New Anti-terror Law Under which Individuals can be Declared Terrorists Comes into Effect
The Unlawful Activities (Prevention) Amendment Act, 2019 provides for putting travel ban on individuals declared as terrorists and gives powers to the Director General of NIA to attach properties acquired from proceeds of terrorism.
Representative Image. (Reuters)
New Delhi: The new anti-terror law under which individuals can be declared as terrorists and their properties seized has come into effect, the Home Ministry announced on Wednesday.
President Ram Nath Kovind had given assent to the legislation on August 8 after the Lok Sabha passed it on July 24 and the Rajya Sabha on August 2.
"In exercise of the powers conferred by sub-section (2) of section 1 of the Unlawful Activities Prevention (Amendment) Act, 2019 (28 of 2019), the central government hereby appoints the 14th August, 2019, as the date on which the provisions of the said Act shall come into force," a home ministry notification said.
The Unlawful Activities (Prevention) Amendment Act, 2019 also provides for putting travel ban on such individuals once they are declared as terrorists.
The Act give powers to the Director General of the National Investigation Agency (NIA) to attach properties acquired from proceeds of terrorism.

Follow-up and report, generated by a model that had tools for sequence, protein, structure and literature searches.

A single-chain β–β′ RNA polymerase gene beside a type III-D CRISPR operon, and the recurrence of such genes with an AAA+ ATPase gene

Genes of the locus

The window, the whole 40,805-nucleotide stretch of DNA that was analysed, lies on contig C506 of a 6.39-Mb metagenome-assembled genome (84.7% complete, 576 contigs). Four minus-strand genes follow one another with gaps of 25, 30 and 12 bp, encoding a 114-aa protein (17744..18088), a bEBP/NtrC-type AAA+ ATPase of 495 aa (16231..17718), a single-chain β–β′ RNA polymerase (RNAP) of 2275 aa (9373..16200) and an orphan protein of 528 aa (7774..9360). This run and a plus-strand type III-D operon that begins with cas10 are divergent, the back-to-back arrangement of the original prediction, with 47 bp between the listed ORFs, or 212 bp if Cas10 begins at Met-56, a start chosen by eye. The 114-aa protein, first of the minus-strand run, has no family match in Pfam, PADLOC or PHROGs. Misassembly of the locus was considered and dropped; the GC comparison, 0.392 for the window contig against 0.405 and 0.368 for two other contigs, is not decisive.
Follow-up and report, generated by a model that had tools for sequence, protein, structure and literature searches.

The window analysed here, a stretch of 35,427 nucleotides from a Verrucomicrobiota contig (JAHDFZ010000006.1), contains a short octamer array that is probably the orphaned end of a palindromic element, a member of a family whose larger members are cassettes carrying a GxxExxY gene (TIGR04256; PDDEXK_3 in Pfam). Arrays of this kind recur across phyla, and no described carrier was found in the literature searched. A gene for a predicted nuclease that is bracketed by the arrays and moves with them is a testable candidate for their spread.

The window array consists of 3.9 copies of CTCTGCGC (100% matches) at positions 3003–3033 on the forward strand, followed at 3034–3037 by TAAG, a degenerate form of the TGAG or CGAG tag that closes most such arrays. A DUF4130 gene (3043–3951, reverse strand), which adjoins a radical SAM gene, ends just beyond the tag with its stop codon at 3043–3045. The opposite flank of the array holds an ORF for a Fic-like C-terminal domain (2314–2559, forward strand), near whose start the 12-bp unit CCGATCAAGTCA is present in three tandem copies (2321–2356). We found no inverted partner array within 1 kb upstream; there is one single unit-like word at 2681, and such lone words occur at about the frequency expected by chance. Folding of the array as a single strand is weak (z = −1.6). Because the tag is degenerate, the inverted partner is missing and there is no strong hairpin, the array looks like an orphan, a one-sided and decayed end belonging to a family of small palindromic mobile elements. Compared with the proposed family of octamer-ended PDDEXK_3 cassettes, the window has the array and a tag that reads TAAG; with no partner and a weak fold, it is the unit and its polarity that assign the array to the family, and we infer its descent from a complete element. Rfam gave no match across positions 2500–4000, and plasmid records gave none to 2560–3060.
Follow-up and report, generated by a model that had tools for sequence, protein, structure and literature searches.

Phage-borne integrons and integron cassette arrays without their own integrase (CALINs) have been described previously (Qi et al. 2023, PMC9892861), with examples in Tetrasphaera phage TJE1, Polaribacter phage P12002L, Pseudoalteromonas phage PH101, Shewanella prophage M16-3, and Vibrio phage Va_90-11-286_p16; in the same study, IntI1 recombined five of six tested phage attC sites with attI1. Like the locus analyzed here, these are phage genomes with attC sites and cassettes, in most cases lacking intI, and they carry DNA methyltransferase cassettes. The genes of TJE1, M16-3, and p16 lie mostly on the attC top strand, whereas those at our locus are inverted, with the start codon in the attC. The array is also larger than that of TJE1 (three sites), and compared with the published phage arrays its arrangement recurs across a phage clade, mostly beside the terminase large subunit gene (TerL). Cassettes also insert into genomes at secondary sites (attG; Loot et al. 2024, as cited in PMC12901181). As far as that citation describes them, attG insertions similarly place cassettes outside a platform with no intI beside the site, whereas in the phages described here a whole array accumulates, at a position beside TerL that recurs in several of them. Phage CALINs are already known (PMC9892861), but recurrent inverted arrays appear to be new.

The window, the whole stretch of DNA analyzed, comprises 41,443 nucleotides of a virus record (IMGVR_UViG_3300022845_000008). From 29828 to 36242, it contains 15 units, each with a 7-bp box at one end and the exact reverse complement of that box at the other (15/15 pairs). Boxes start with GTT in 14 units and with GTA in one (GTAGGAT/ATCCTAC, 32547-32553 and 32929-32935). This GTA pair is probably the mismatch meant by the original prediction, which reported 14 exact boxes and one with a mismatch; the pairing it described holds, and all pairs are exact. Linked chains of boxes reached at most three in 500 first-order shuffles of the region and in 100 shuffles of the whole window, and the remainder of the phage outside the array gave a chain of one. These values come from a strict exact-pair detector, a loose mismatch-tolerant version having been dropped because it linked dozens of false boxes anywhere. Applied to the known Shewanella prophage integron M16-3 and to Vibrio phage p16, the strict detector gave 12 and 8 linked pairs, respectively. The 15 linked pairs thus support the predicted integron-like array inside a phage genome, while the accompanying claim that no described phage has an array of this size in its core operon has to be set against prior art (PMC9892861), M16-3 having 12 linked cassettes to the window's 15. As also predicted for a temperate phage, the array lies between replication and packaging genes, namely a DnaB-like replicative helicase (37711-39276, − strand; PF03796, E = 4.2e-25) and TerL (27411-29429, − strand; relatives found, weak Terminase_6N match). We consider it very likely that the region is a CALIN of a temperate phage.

Earlier, the law required that the NIA take prior permission from the respective state police chiefs to attach the proceeds of terrorism.
This delayed the process as often such properties are found in different states, another official said.
Earlier, officers in the rank of Deputy Superintendent of Police and above were empowered to investigate cases under the UAPA as per Section 43. Now, officers in the rank of Inspector can to do so.
The inspector-rank officers have over time acquired sufficient proficiency to investigate UAPA-related cases and this move would quicken the delivery of justice in such cases, which are reviewed by senior officers at various levels.
Home Minister Amit Shah had said the law, that would be used only to tackle terror, would help agencies remain four steps ahead of terrorists.
Shah said terrorist acts are committed not by organisations but by individuals.
Declaring an organisation as a terrorist organisation will not stop the individuals behind it.
Not designating individuals as terrorists would give them an opportunity to circumvent the law and they would simply gather under a different name and keep up their terror activities, he said.
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